57. Prinjha S, Miah N, Ali E, Farmer A. Including 'seldom heard' views in research: opportunities, challenges and recommendations from focus groups with British South Asian people with type 2 diabetes. BMC Medical Research Methodology (forthcoming) 2020 . [CrossRef]
    58. Braun V, Clarke V. Using thematic analysis in psychology. Qual Res Psychol 2006;3(2):77-101 [FREE Full text] [CrossRef]
    59. Pope C, Ziebland S, Mays N. Qualitative research in health care. Analysing qualitative data. Br Med J 2000 Jan 08;320(7227):114-116 [FREE Full text] [CrossRef] [Medline]
    60. Corbin J, Strauss A. Unending Work and Care: Managing Chronic Illness at Home. San Francisco and London: Jossey-Bass; 1988.
    61. Pal K, Dack C, Ross J, Michie S, May C, Stevenson F, et al. Digital health interventions for adults with type 2 diabetes: qualitative study of patient perspectives on diabetes self-management education and support. J Med Internet Res 2018 Jan 29;20(2):e40 [FREE Full text] [CrossRef] [Medline]
    62. Whittaker R, Matoff-Stepp S, Meehan J, Kendrick J, Jordan E, Stange P, et al. Text4baby: development and implementation of a national text messaging health information service. Am J Public Health 2012 Dec;102(12):2207-2213. [CrossRef] [Medline]
    63. Hunt SM, Bhopal R. Self report in clinical and epidemiological studies with non-English speakers: the challenge of language and culture. J Epidemiol Community Health 2004 Jul;58(7):618-622 [FREE Full text] [CrossRef] [Medline]
    64. Bhopal RS, Douglas A, Wallia S, Forbes JF, Lean MEJ, Gill JMR, et al. Effect of a lifestyle intervention on weight change in south Asian individuals in the UK at high risk of type 2 diabetes: a family-cluster randomised controlled trial. Lancet Diabetes Endocrinol 2014 Mar;2(3):218-227 [FREE Full text] [CrossRef] [Medline]
    65. Vassilev I, Rowsell A, Pope C, Kennedy A, O'Cathain A, Salisbury C, et al. Assessing the implementability of telehealth interventions for self-management support: a realist review. Implement Sci 2015;10:59 [FREE Full text] [CrossRef] [Medline]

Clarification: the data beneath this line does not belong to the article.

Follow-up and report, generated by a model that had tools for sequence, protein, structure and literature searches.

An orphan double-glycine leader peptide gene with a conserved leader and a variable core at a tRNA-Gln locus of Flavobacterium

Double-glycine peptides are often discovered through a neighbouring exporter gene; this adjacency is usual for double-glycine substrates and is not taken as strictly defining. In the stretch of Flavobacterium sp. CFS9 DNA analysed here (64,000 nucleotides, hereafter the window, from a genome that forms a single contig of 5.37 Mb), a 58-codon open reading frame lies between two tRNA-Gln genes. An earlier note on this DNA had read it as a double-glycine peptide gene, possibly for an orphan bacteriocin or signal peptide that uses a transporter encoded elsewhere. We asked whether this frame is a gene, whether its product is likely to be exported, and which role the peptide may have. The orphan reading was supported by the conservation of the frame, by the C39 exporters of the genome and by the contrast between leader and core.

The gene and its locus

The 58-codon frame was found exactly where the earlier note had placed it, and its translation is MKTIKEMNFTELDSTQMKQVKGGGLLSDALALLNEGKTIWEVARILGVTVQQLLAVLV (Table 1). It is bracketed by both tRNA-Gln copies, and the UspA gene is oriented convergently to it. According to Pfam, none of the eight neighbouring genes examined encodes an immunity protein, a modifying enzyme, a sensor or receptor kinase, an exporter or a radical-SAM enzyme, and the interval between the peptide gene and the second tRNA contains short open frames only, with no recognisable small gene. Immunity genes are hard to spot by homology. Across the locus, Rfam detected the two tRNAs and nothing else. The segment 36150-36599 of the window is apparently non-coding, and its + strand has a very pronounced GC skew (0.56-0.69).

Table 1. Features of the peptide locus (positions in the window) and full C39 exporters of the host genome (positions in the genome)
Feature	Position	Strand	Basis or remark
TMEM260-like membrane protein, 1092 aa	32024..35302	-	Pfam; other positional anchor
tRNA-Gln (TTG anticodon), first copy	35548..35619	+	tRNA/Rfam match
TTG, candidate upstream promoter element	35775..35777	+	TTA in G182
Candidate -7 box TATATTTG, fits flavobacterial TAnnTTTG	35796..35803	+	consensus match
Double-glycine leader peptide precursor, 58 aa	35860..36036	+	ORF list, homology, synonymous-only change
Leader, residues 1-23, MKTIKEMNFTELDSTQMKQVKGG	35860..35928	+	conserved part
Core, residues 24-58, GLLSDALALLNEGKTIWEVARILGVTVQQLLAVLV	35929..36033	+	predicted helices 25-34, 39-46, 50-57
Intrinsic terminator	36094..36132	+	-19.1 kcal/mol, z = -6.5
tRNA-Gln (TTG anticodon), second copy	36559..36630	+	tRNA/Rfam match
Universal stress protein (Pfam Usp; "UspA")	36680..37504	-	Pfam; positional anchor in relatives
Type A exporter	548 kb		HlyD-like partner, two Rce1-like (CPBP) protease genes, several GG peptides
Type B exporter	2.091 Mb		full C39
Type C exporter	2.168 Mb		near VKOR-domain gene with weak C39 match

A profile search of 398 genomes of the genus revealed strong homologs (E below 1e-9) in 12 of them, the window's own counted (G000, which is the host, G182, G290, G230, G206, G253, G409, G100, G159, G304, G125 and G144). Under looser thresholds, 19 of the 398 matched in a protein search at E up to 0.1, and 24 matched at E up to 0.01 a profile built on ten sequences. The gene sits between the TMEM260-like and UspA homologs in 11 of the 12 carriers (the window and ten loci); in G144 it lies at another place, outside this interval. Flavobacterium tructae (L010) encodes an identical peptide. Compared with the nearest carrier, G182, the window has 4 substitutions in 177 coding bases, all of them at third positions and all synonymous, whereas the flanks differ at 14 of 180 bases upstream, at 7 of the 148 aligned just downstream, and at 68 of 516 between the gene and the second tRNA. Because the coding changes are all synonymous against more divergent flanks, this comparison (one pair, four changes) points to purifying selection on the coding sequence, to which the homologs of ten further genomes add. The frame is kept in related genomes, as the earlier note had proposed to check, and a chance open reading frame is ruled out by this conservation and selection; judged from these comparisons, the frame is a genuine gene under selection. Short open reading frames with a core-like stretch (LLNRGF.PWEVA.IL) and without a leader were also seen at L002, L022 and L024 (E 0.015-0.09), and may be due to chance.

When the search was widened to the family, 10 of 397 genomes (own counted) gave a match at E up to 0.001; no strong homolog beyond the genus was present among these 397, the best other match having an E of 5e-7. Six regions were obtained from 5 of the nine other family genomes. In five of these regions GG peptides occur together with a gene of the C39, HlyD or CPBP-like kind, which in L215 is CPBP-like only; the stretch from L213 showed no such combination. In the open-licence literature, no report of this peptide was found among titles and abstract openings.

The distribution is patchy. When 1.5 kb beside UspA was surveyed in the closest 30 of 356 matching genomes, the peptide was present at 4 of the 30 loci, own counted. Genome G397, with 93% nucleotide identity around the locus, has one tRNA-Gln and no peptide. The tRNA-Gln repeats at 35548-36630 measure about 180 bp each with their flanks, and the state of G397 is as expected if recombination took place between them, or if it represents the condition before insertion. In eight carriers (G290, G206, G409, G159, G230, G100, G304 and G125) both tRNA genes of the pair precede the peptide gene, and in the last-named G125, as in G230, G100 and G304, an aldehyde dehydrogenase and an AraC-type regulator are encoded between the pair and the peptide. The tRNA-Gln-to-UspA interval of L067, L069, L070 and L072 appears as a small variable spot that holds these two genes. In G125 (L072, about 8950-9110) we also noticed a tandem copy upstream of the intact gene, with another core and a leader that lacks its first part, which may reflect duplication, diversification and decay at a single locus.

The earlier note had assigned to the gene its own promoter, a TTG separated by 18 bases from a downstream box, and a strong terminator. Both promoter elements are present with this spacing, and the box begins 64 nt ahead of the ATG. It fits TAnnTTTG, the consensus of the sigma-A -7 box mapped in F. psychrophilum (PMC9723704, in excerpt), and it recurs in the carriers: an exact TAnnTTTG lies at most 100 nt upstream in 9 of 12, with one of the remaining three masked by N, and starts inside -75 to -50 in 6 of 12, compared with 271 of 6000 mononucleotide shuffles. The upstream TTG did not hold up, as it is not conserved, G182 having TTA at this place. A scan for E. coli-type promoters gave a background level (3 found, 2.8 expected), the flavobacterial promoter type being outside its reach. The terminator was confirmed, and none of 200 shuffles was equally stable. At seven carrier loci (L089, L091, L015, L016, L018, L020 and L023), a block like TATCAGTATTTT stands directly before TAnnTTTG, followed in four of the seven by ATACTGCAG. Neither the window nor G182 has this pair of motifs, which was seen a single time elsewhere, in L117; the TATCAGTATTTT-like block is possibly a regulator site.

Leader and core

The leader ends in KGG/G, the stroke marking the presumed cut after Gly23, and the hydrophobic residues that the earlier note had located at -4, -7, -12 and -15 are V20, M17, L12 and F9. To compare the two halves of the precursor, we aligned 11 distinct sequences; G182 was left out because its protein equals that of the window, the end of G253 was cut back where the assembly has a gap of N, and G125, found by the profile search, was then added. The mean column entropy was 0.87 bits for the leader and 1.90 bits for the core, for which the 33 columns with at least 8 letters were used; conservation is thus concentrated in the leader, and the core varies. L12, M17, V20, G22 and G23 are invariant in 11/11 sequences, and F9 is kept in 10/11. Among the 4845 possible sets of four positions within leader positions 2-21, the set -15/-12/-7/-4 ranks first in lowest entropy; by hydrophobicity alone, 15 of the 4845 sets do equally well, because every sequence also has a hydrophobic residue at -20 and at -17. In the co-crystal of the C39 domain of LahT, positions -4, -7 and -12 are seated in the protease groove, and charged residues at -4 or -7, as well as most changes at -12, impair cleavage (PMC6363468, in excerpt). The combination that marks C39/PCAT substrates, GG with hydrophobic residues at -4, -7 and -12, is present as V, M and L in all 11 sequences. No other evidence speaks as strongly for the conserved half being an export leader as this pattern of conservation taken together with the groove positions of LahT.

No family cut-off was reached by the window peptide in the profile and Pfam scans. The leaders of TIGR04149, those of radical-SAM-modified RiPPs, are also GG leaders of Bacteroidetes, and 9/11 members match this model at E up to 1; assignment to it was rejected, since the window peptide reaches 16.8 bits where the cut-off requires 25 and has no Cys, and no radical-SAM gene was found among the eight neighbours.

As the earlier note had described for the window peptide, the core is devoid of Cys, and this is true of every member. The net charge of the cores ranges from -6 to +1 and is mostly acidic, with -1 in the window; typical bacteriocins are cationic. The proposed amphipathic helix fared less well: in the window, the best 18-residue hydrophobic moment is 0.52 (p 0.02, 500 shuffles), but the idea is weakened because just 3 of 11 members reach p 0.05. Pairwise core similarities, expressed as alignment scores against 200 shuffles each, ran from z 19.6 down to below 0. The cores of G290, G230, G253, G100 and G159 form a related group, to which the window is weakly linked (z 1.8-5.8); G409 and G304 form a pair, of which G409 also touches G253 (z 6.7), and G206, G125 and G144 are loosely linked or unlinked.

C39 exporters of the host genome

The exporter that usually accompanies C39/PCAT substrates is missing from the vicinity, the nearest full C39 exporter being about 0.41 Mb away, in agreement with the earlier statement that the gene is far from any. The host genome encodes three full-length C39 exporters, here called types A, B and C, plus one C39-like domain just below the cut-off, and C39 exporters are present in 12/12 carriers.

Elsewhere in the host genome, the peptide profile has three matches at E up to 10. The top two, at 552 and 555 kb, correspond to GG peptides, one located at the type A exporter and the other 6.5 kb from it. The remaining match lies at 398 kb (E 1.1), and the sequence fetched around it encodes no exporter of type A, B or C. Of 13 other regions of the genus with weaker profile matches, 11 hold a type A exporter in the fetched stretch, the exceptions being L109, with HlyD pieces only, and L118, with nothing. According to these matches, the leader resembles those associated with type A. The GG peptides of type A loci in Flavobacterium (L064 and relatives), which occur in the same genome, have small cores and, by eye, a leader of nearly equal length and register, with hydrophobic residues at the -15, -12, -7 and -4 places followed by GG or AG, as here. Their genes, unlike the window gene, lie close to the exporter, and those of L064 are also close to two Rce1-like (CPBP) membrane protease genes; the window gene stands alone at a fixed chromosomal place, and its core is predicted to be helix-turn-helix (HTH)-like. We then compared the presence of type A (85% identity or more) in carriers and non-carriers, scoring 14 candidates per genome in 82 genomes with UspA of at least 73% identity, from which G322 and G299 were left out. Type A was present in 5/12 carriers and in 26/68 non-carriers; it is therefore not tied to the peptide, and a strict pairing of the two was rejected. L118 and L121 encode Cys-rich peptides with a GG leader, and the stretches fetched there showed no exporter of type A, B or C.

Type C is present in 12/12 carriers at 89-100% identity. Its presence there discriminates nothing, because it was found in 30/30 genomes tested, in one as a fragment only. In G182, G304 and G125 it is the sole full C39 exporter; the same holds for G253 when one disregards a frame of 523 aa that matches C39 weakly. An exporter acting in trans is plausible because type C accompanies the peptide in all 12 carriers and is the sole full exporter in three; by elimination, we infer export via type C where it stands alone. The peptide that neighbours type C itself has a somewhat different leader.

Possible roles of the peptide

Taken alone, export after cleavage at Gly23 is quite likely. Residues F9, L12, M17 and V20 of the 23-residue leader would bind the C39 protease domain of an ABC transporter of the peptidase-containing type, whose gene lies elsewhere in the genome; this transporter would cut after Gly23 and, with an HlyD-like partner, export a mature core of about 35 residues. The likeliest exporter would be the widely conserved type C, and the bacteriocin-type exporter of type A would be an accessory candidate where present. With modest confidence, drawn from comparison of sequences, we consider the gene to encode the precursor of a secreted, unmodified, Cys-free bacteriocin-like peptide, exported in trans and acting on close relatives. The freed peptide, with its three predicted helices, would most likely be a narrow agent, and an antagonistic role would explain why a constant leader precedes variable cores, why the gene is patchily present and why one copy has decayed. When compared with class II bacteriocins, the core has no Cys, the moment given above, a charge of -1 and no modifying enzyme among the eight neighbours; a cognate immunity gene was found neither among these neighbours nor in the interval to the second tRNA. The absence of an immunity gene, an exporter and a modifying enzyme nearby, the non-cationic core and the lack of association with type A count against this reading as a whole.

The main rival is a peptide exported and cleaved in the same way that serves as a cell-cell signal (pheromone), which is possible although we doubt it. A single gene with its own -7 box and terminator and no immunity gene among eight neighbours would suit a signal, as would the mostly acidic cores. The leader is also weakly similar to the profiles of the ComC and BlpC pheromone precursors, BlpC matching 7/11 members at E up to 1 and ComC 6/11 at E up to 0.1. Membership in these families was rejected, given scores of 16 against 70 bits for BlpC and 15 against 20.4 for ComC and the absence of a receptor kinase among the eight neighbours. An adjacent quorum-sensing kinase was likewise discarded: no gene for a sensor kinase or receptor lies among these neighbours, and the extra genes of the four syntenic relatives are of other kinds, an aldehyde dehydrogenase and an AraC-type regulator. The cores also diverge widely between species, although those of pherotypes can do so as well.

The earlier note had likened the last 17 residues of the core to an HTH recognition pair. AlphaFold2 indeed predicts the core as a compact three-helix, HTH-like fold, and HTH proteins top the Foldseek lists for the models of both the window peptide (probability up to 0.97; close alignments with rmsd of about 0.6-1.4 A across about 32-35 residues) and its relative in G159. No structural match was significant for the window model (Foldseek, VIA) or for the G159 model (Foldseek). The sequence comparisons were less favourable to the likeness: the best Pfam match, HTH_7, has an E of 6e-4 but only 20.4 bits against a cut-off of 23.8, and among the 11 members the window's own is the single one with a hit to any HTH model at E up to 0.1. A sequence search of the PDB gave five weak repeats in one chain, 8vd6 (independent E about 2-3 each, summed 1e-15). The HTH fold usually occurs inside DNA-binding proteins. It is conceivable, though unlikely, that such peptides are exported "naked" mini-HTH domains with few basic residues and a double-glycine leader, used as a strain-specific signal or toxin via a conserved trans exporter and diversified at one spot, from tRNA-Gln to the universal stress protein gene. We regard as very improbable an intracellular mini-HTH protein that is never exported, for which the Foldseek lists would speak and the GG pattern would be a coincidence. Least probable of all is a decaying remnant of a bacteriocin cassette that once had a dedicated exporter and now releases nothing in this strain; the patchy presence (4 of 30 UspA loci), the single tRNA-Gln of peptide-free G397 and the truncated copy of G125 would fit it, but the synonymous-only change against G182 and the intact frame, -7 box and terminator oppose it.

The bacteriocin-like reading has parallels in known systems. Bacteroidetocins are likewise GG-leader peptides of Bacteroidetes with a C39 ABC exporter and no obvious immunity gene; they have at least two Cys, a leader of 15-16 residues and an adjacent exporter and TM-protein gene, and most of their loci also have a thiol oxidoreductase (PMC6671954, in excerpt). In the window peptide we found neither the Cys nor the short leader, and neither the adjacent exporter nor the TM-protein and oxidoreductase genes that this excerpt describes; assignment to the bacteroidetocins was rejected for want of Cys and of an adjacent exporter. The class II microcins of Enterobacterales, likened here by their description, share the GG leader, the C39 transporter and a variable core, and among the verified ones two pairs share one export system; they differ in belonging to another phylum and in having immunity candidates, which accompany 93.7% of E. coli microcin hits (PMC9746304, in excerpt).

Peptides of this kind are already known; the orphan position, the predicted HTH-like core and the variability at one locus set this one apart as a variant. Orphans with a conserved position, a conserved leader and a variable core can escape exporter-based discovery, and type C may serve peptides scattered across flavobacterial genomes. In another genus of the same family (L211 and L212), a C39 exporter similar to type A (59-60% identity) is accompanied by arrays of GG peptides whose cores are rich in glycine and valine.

66. Hansen AH, Bradway M, Broz J, Claudi T, Henriksen O, Wangberg SC, et al. Inequalities in the use of eHealth between socioeconomic groups among patients with type 1 and type 2 diabetes: cross-sectional study. J Med Internet Res 2019 May 29;21(5):e13615 [FREE Full text] [CrossRef] [Medline]
    67. Bartlett YK, Newhouse N, Long HA, Farmer AJ, French DP. What do people with type 2 diabetes want from a brief messaging system to support medication adherence? Patient Prefer Adherence 2019;13:1629-1640 [FREE Full text] [CrossRef] [Medline]


    Abbreviations

    CBMEH: Centre for Black and Minority Ethnic Health
    DSM: diabetes self-management
    GP: general practitioner
    mHealth: mobile health
    NIHR: National Institute for Health Research
    SuMMiT-D: Support Through Mobile Messaging and Digital Health Technology for Diabetes
    T2D: type 2 diabetes


    Edited by G Eysenbach; submitted 07.08.19; peer-reviewed by S Drabble, S Kanthawala; comments to author 26.09.19; revised version received 01.11.19; accepted 26.01.20; published 20.04.20

    ©Suman Prinjha, Ignacio Ricci-Cabello, Nikki Newhouse, Andrew Farmer. Originally published in JMIR mHealth and uHealth (http://mhealth.jmir.org), 20.04.2020.

    This is an open-access article distributed under the terms of the Creative Commons Attribution License (https://creativecommons.org/licenses/by/4.0/), which permits unrestricted use, distribution, and reproduction in any medium, provided the original work, first published in JMIR mHealth and uHealth, is properly cited. The complete bibliographic information, a link to the original publication on http://mhealth.jmir.org/, as well as this copyright and license information must be included.